“Thanks to the joint investigation efforts of our Antiquities Trafficking Unit and Mexican authorities, these landmark cultural heritage items, which showcase the evolution of the Spanish state in Latin America and the roots of Mexican national identity, are heading home where they will be studied and treasured for generations to come.”
“For many years, this fake antiquities mill based in midtown Manhattan promised customers rare treasures from the ancient world and instead sold them pieces manufactured on-site in cookie-cutter fashion,” the Manhattan district attorney, Cyrus Vance Jr., said in a statement after Mr. Sadigh was arrested earlier this month.
“This magnificent collection of artifacts returned to the people of Pakistan today epitomizes that nation’s rich cultural heritage and humanity’s never-ending quest for enlightenment and peace,” said District Attorney Vance.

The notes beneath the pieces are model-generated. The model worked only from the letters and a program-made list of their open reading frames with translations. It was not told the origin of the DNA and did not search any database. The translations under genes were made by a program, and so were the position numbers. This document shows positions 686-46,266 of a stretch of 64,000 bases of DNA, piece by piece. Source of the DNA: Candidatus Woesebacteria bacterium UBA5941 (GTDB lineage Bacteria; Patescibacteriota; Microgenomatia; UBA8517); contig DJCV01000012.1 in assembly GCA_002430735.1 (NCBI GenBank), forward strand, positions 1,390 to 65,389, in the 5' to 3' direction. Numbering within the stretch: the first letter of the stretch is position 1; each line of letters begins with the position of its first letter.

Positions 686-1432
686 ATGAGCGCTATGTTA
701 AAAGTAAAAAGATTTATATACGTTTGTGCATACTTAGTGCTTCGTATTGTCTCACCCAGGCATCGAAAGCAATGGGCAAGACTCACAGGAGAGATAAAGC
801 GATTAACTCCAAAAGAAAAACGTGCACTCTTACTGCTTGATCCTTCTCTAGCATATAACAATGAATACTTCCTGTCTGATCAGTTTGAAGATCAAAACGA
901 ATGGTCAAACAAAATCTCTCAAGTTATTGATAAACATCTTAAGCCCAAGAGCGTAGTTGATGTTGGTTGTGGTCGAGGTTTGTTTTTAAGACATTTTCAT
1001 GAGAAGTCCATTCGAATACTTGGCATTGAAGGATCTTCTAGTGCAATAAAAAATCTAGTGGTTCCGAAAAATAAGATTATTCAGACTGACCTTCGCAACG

“I am honored to return these three wonderful pieces back to their rightful owners – the people of Indonesia. I want to thank my Office’s Antiquities Trafficking Unit and our partners at Homeland Security Investigations for their ceaseless efforts that have resulted in nearly 400 treasures being returned to 11 countries over the past year. I look forward to further repatriations in the near future.”
“Without restorers to disguise stolen relics, there would be no laundered items for antiquities traffickers to sell,” said District Attorney Vance. “The arraignment of Neil Perry Smith serves as a reminder that behind every antiquities trafficking ring preying upon cultural heritage for profit, there is someone reassembling and restoring these looted pieces to lend the criminal enterprise a veneer of legitimacy.”